Air base's uncertain future should guide local officials

Mahoning County Commissioner Vicki Allen Sherlock has suggested that she and her two colleagues meet with county Auditor George Tablack to hear his financial forecast for the next two years.
It's a suggestion that's both timely and necessary. Timely because Mahoning County is facing a major decision with regard to funding for the Youngstown-Warren Regional Airport and Tablack has stated unequivocally that the commissioners cannot walk away from that responsibility.
But given the dire fiscal condition of county government, Tablack's intimate knowledge of the budget and his expertise in government financing should prove invaluable.
Last week, commissioners Edward Reese and David Ludt deadlocked over the proposal to allocate $185,000 to the Western Reserve Port Authority. Reese strongly supports such funding, while Ludt remains firmly opposed to Mahoning County dollars going to the airport, which is in Trumbull County. Sherlock, who missed last week's meeting of the commissioners, has supported the airport in the past but isn't sure the county can afford such a nonmandated service today.
Can't have one without the other
Reese is absolutely right in contending that the future of the Air Reserve Station in Vienna Township is inextricably tied to the airport.
Without continued funding from Trumbull and Mahoning counties -- Trumbull commissioners recently awarded $185,000 for the facility -- the airport will be hard pressed to remain open. If it is forced to close, the runways and other facilities utilized by the Air Reserve Station would not be available. And that, in turn, could have a major impact on this significant economic engine.
The installation, which is home to the Air Force Reserve's 910th Airlift Wing, pumps more than $80 million into the economy and has more than 2,000 full- and part-time Air Force reservists, civilians and contractors assigned to it. More than 573 off-base jobs were created last year as a result of the station's presence in the Mahoning Valley.
In 2005, however, Congress will conduct a major review of all military installations as part of the operational restructuring of the Pentagon. There is no doubt that bases will be closed.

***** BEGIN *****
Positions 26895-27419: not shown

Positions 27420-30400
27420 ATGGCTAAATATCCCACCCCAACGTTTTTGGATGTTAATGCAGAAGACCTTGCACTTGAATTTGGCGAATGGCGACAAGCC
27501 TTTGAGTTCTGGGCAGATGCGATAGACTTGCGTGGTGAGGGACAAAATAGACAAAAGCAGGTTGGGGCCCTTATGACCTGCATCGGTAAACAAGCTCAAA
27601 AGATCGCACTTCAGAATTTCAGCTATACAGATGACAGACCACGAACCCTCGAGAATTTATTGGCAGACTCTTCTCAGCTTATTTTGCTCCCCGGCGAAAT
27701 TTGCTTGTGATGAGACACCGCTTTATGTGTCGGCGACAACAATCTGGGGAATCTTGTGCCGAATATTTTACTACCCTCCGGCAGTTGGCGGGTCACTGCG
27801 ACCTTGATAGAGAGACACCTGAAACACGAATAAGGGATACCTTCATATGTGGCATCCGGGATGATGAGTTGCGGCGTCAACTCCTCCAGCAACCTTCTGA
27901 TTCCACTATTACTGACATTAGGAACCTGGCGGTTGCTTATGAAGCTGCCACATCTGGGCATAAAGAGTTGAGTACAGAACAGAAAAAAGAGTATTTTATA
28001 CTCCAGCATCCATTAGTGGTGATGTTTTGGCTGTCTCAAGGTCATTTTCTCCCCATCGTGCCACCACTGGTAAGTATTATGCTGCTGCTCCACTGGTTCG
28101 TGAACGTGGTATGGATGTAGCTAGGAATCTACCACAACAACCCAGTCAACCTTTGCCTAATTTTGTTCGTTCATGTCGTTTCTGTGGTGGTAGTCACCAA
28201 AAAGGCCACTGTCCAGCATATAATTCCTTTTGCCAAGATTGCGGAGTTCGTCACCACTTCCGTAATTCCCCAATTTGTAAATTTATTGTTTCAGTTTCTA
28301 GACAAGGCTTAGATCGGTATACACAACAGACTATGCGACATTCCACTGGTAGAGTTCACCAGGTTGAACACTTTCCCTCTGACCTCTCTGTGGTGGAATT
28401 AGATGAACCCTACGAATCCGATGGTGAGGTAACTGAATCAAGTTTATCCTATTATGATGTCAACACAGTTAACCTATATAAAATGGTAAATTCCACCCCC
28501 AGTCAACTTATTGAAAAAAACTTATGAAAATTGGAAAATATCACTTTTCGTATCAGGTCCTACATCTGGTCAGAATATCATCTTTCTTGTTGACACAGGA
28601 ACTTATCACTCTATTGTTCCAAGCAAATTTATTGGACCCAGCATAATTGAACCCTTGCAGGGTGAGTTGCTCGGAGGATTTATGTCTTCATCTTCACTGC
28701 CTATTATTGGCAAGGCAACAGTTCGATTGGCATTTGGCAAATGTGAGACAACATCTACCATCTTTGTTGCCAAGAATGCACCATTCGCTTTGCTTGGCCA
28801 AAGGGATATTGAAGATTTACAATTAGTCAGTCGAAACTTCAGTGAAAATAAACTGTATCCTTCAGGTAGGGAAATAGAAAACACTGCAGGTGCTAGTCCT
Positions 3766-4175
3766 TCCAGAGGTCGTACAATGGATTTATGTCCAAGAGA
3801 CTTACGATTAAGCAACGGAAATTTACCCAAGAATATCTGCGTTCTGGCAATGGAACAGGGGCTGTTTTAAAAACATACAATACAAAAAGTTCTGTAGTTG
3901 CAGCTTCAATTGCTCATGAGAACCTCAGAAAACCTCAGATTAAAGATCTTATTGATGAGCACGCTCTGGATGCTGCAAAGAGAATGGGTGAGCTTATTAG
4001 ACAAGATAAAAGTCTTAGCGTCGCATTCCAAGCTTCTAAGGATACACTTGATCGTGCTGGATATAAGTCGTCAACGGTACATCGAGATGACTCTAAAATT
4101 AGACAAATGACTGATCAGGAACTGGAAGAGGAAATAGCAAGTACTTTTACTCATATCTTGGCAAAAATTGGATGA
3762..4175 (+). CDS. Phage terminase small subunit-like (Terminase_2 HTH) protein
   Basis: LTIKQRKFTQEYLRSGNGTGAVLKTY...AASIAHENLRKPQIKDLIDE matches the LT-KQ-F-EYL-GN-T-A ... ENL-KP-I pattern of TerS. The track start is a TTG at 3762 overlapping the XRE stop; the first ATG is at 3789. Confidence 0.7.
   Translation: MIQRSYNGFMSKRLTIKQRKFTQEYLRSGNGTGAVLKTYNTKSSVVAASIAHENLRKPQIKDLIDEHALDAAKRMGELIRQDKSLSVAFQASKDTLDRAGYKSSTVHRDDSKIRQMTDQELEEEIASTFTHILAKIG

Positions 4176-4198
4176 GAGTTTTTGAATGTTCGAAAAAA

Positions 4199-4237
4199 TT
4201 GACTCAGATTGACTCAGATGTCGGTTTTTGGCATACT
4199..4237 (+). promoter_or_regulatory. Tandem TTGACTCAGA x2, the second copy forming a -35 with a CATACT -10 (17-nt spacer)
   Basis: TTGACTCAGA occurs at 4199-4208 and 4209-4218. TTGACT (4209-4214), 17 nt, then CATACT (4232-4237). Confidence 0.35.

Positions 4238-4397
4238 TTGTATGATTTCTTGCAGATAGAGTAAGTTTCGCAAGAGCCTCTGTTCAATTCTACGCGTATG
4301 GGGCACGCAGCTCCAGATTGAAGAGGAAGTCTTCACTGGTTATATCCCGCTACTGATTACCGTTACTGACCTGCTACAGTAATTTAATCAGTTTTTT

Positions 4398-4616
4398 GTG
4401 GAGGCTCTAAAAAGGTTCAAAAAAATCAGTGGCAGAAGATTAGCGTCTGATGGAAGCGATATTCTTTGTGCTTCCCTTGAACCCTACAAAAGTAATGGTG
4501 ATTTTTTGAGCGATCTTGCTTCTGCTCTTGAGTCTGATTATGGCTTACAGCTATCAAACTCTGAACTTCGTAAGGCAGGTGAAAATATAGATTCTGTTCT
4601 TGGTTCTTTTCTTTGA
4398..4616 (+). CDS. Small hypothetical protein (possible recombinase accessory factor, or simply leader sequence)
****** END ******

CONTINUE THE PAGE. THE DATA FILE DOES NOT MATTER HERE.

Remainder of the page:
As we have argued on several occasions in recent months, the failure to keep the Youngstown-Warren Regional Airport open would be viewed by decision-makers in Washington as a lack of commitment on the part of the Valley to support the air base.
Another set of eyes
On the other hand, we agree with Sherlock that Tablack needs to be involved in the discussion about the financial future of Mahoning County.
He has long complained about being ignored and has charged that the lack of long-range budgetary planning has contributed to county government's fiscal upheaval.
Tablack says he supports funding the operation of the airport, at least for the foreseeable future. He should be willing to show the commissioners how it can be done while allocating money for services that are mandated by the state and federal governments.
If he does present a workable plan, Reese, Sherlock and Ludt should embrace it.
If Ludt is looking for a reason to change his position, we would remind him of the words of Brig. Gen. Michael F. Gjede, commander of the 910th with regard to the future of the Air Reserve Station: "The thing I fear most right now is the [counties'] airport funding issue. I'd like to see a funding commitment for the airport past 2005."
As for the airport, recent overseers have not been able to find a niche for it in the aviation market. That doesn't mean there isn't a niche. Those who can't see potential at the airport aren't looking beyond the horizon.